Home GENERAL NEWS Agronomist notebook: Avoid dirty water when irrigating farm

Agronomist notebook: Avoid dirty water when irrigating farm

by biasharadigest
ANN MACHARIA

By ANN MACHARIA
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Due to global warming, many farmers in almost all parts of the country are gradually embracing irrigation. Irrigation is the artificial application of water to crops. It has increased the productivity of farmers.

Traditionally, farmers used to depend on rainfall as the only source of water for their crops.

Rainwater is less likely to contaminate agricultural food produce. Unfortunately, many parts of the country receive scarce rainfall. When the rain falls, it comes in torrents but for just a very short periods.

This calls for measures to be put in place by farmers if they are to properly utilise the various forms of the available water.

However, it should be borne in mind that artificial application of water to the land increases the risks of contaminating the food crops.

There have been reports of Kenyans growing fruits, vegetables, edible roots and other crops along sewer lines. Such water is obviously dirty.

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Some also use kitchen waste to water their small gardens while others go to the extent of growing crops around abattoirs.

A few have built dams near rivers as others use pipes to divert river water. Doing this without the necessary permits could be illegal, though.

There are many sources of water. These include dams, rivers, harvested rain water, pans, boreholes and wells.

A number of farmers also use untreated water on their lands, a situation blamed for the recent increase of lifestyle diseases among Kenyans.

In some cases, farmers use the waste water to supply nutrients to their crops, thus reducing costs in terms of buying fertiliser. The consumer is the sufferer in this situation. On some occasions, the waste is the only water available.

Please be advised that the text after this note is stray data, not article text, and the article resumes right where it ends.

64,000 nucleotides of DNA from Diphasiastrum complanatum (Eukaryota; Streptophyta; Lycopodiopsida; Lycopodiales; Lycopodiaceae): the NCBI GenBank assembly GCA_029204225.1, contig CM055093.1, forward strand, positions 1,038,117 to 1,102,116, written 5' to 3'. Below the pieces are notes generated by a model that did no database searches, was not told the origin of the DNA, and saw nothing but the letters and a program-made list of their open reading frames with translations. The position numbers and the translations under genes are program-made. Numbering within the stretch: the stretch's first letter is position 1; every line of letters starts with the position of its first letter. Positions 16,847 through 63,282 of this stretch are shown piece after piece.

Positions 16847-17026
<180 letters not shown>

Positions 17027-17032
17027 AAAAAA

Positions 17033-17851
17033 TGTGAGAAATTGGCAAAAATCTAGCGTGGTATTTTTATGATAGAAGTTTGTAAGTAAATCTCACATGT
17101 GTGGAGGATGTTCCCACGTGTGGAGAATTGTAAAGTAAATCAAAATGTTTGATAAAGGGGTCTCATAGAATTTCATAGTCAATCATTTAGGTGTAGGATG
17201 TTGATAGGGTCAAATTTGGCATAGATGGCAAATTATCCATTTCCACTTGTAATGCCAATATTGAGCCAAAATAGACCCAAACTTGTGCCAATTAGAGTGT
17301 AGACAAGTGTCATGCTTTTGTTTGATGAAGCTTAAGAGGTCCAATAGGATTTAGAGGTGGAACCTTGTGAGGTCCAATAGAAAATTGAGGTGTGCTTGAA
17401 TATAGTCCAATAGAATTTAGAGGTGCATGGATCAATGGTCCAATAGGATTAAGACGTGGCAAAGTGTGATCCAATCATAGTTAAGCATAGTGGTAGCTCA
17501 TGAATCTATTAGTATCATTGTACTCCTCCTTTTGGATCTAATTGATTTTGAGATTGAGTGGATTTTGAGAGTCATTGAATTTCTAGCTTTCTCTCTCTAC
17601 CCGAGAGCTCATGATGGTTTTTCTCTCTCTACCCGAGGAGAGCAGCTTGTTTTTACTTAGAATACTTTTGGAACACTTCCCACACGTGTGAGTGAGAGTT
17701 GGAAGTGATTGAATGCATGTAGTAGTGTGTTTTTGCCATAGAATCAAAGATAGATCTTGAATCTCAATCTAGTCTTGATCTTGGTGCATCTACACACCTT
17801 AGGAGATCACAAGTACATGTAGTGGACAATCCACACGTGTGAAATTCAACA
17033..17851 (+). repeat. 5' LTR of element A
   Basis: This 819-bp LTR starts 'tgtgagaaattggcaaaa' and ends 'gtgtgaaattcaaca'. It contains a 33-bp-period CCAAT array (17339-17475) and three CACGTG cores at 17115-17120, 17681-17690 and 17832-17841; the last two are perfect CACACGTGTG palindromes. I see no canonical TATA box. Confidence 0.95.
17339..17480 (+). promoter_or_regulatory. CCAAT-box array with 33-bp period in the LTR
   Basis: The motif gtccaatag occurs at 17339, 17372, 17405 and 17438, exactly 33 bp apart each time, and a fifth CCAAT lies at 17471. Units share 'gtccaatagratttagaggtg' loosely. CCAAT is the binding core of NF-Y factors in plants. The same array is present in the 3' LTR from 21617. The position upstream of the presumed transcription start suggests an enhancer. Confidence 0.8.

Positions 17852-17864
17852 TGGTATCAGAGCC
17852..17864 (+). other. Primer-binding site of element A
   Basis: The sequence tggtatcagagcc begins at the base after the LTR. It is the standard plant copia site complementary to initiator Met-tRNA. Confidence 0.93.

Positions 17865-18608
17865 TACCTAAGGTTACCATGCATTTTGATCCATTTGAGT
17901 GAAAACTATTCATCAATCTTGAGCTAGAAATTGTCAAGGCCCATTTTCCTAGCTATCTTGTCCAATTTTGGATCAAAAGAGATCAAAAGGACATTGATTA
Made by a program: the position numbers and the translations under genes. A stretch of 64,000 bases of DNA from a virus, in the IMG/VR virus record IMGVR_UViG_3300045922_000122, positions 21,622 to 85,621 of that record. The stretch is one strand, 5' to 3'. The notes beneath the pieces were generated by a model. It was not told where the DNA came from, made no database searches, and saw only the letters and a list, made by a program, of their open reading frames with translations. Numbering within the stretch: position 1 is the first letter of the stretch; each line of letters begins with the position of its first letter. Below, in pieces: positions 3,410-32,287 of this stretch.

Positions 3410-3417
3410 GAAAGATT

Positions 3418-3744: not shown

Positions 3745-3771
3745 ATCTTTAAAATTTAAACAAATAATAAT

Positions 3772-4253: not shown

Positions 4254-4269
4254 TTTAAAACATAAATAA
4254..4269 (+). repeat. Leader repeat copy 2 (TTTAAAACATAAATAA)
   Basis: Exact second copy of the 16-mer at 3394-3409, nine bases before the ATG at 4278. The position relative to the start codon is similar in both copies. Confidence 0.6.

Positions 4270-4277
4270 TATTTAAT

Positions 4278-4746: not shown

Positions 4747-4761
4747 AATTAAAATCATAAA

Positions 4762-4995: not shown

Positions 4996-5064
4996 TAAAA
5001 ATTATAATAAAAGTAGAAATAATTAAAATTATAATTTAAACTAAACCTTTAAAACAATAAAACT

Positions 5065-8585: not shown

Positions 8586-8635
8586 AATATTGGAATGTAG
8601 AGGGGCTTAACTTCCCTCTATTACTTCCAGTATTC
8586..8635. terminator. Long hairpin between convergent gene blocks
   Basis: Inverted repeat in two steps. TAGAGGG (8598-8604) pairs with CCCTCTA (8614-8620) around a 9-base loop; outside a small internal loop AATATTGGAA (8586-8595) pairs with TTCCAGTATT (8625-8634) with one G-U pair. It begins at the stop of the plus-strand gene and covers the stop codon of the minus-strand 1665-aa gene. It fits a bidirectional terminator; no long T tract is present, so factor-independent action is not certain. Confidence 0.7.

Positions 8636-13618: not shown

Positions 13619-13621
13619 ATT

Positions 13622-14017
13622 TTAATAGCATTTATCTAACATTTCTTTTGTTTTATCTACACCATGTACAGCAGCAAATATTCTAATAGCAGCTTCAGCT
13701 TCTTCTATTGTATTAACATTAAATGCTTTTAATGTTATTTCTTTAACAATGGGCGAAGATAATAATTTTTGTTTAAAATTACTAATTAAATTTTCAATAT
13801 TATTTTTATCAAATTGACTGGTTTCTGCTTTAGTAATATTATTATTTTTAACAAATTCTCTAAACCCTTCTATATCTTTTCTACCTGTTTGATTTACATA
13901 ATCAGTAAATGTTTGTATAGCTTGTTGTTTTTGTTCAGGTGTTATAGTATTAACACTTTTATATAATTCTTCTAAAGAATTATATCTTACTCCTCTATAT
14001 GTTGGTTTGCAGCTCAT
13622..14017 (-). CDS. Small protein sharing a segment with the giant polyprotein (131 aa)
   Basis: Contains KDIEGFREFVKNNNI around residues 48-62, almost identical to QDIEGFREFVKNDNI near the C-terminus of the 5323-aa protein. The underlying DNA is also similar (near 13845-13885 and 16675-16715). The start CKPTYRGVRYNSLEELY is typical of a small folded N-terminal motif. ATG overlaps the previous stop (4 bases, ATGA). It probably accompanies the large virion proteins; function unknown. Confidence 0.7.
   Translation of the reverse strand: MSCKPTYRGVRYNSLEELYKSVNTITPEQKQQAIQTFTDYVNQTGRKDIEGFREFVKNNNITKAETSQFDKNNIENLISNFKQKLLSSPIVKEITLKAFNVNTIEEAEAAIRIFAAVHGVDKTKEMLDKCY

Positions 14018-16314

Ignorance makes farmers use such water, not knowing that it could be carrying disease-causing micro-organisms.
Treated and contaminated water ends up in rivers – the main source of irrigation.

The water, usually green in colour, carries harmful micro-organisams which may also affect the growth of crops. Some of these plants end up rotting and dying altogether. Contaminated water kills fish and other animals found in rivers and lakes.

This is due to oxygen depletion, mainly if the waste water contains a high amount of phosphates that enhance the rapid increase and growth of algae. The algae are known for sucking oxygen from water.

If such animals cannot survive, it means the water is contaminated and is therefore not safe to humans as well. Farmers should therefore be careful when sourcing for irrigation water.

Factories and the real estate industry should treat their effluent and sewage before releasing it into rivers, lakes and other water bodies.

Kenyans may be going through rough economic times but that does not mean we grow crops near sewer lines.

Fruits, vegetables and other crops grown there absorb the dirty water and chemicals, passing them to the consumer.

Farmers are also advised to subject water to be used for irrigation to laboratory tests. If they can take their soil for analysis, why can’t they do the same to their water?

To avoid the use of kitchen water on the farm, build a waste pit. And to prevent the draining chemicals in water sources, one should have a soak pit.

This ensures that the chemicals are diluted, meaning they are less harmful to crops, animals and the environment in general.

Water from boreholes should be tested as it tends to have high salinity, blamed on clogging drip lines.

When salt accumulates in water, farmers should consider having a reverse osmosis to reduce the concentrations. The process, however, can be expensive.

The use of gypsum helps reduce the concentration of salts and improves soil water infiltration. Farmers should also mix fertiliser with black earth to control salt accumulation in the soil.

It is advisable to consider using nitric acid to lower the alkalinity of the water. Hydrogen peroxide or carbonates can be used to increase acidity.

Salt accumulation results in antagonism, where the availability of one nutrient prevents the uptake of others by plants.

Fish pond water should be used in irrigation for it contains high levels of ammonia. Ammonia is known to increase oxygen in the soil, a key nutrient for plant growth.

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